From the day it first started selling lamb legs and short ribs there in September, Border Springs Farm never made an official commitment to Union Market, but remained more a vendor on permanent pop-up status. The farm's tentative relationship with the fashionable destination for urban foodniks was underscored last weekend when Border Springs owner Craig Rogers abruptly announced he was leaving the market.

As a livestock producer, Craig Rogers needed to sell more cuts of meat than sandwiches at Union Market. (Stephanie Klein-Davis/for The Washington Post)
As a livestock producer, Craig Rogers needed to sell more cuts of meat than sandwiches at Union Market. (Stephanie Klein-Davis/for The Washington Post)

Except it wasn't so abrupt. Rogers says his decision to walk away was based on a slow-but-undeniable shift in Union Market's focus: from a true market, such as Reading Terminal in Philadelphia where you can buy groceries and prepared meals, to a de facto food court. Rogers is quick to add that it's a great food court, with vendors such as Rappahannock Oyster Co. and Red Apron Butchery. But under the guiding hand of Edens, the giant developer that launched Union Market, the hall has evolved into an indoor drinking-and-dining destination that doesn't suit Rogers's needs, he says.

"Fundamentally the market has taken on a different personality than what was articulated as a vision for it in the beginning," Rogers says. "The current one ... seems to be what the developer wants, which is more a food court and bar."

Edens executives bristle at the term, "food court."

"Calling it a food court is like missing the point," says Steve Boyle, managing director of Edens. "The point is we're trying to create this experience for people around food, and I think Richie (Brandenburg, the director of culinary strategy for Edens) has done an incredible job of curating this mix of local artisans."

Brandenburg says that Union Market has been, from day one, about balance. The culinary strategist wants to model the Edens project on the Spanish markets he visited as a chef with Jose Andres's ThinkFoodGroup.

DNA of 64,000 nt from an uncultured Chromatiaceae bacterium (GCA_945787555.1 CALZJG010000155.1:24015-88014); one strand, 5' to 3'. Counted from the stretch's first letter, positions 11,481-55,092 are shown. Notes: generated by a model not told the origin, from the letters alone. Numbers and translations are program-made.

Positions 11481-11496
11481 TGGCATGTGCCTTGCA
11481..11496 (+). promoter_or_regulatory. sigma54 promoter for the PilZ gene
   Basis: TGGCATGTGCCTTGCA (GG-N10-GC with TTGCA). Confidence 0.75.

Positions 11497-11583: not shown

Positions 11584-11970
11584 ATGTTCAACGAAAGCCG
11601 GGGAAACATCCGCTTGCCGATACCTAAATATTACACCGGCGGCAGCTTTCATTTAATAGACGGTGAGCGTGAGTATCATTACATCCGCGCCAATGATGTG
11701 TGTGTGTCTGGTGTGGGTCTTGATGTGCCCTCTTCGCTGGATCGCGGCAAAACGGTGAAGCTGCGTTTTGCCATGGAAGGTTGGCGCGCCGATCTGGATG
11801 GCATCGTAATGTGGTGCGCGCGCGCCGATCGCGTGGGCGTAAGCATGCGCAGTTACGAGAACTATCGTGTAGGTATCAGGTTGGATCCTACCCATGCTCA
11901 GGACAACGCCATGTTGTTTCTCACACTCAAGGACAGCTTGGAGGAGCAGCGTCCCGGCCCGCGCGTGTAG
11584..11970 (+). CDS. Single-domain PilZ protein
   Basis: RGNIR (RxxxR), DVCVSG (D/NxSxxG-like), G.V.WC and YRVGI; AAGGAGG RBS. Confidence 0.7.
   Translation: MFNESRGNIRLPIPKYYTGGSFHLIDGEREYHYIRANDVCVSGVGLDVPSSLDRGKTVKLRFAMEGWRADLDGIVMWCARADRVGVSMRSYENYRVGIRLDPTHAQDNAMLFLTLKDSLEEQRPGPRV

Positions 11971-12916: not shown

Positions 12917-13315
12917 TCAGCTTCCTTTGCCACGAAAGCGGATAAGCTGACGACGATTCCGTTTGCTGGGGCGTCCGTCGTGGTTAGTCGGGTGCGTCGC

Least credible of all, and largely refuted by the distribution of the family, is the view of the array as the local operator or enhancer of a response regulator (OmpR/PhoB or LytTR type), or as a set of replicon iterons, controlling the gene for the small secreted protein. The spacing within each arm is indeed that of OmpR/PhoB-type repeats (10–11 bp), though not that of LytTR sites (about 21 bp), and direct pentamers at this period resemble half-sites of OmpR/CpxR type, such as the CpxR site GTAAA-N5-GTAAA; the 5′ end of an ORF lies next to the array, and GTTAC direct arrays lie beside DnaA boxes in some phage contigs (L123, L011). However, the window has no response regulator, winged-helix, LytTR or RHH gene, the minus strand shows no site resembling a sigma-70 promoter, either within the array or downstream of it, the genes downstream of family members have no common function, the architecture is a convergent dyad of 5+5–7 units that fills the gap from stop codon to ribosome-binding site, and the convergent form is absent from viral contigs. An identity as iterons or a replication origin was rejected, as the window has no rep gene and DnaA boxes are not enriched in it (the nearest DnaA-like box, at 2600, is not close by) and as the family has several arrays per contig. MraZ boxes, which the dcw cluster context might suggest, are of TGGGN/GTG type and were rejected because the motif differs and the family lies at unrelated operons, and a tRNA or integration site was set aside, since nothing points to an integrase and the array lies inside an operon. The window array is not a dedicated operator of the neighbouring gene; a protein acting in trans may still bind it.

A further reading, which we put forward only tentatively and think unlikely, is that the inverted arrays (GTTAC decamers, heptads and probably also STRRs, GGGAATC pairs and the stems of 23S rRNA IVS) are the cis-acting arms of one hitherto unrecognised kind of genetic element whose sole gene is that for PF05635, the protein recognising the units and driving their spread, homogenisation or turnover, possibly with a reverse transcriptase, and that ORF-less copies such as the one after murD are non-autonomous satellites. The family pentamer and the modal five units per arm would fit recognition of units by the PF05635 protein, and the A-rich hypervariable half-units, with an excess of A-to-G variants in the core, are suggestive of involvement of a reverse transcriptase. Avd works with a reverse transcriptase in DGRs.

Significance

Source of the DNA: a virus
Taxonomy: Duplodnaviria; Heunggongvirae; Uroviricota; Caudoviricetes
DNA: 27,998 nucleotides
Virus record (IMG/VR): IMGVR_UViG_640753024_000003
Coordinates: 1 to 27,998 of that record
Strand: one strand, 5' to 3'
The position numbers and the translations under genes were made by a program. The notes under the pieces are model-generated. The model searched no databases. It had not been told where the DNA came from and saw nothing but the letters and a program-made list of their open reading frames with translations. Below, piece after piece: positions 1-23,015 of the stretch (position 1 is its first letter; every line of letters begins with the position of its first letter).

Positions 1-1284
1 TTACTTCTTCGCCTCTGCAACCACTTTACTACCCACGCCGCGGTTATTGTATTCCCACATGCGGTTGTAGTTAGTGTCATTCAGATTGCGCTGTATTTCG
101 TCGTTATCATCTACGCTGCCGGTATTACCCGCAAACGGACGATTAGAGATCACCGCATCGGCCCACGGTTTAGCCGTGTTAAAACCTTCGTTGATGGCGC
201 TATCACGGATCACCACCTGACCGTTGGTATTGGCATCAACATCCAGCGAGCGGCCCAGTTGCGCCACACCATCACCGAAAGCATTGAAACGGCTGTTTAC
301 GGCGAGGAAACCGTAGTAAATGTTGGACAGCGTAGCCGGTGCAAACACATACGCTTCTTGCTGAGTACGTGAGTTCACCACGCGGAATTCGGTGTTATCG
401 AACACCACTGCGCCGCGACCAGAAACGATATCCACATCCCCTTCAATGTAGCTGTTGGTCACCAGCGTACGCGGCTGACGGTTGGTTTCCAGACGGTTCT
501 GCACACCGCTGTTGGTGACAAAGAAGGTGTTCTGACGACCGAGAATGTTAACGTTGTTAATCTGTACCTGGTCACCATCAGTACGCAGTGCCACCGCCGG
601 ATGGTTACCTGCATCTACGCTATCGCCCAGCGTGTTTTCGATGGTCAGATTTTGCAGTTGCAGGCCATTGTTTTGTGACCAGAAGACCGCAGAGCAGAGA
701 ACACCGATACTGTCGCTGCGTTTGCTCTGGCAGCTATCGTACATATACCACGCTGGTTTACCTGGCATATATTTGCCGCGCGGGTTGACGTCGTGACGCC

"There were experiences throughout the markets in Spain where you can buy things there, spend time there and eat there in-house," Brandenburg says. "It's been a constant conversation on what's the right balance, what's the right mix [at Union Market]. It's a destination where you can spend all morning and afternoon [there] and then go home with products to cook your dinner and for the entire weekend. Over half of the vendors there, you can bring products home."

Boyle and Brandenburg say that Edens plans to roll out more vendors at Union Market, including ones for groceries. The developer has also signed a lease with a seafood vendor, but both Boyle and Brandenburg preferred not to name the fish monger at this point.

Edens had hoped Rogers would sign a lease and continue to hawk his delicious, made-to-order sandwiches, but the farmer says remaining at Union Market would not have served his purposes. As a livestock producer, Rogers says, he needs to sell those cuts of lamb that chefs don't want for their restaurants. He says he couldn't begin to convert all the leftover legs and shoulders into sandwiches, even with his new Border Springs outlet in Reading Terminal.

In fact, Rogers says that over the course of the 11 months that he sold meats and sandwiches at Union Market, the latter started to dominate his sales. In the beginning, when a handful of vendors displayed their products in plastic storage containers on fold-out tables, Borders Springs sold 100 percent meat, Rogers says. During Border Springs's last weeks at Union Market, meat represented only 10 percent of sales.

As a point of comparison, Rogers says his meat sales at Reading Terminal "far exceeds our prepared food sales." What's more, he sells more meat in one day at his stand at the FreshFarm Market in Penn Quarter than he does all week at Union Market.

"My brand is better served at a farmers market than just being a lamb shop inside a food court or a watering hole sort of place, no matter how popular," Rogers says. " You just look like a little side show.”

Edens counters that the "market has gone through sort of its own ebbs and flows where we're seeing different vendors do better than others at different points during the year," Boyle says. "I think the ultimate personality of the place is still evolving as our clientele and consumer base grows and continues to understand what the place is. For many people still, it's a first-time experience."

Border Springs officially closed its pop-up at Union Market on Sunday. It has already moved operations into Union Kitchen, the food-incubator warehouse near Union Station. At Union Kitchen, Border Springs will prepare items, whether lambstrami (made from the shoulder cut) or mutton barbecue or lamb prosciutto, which the farm will eventually sell at the Penn Quarter farmers market and other retail locations.

Eventually, Rogers hopes to open a retail shop in the District, one that would better balance his needs to sell both meat and prepared foods. "I would love to find a place in D.C. for retail," he says, "where the focus is on a butcher shop.”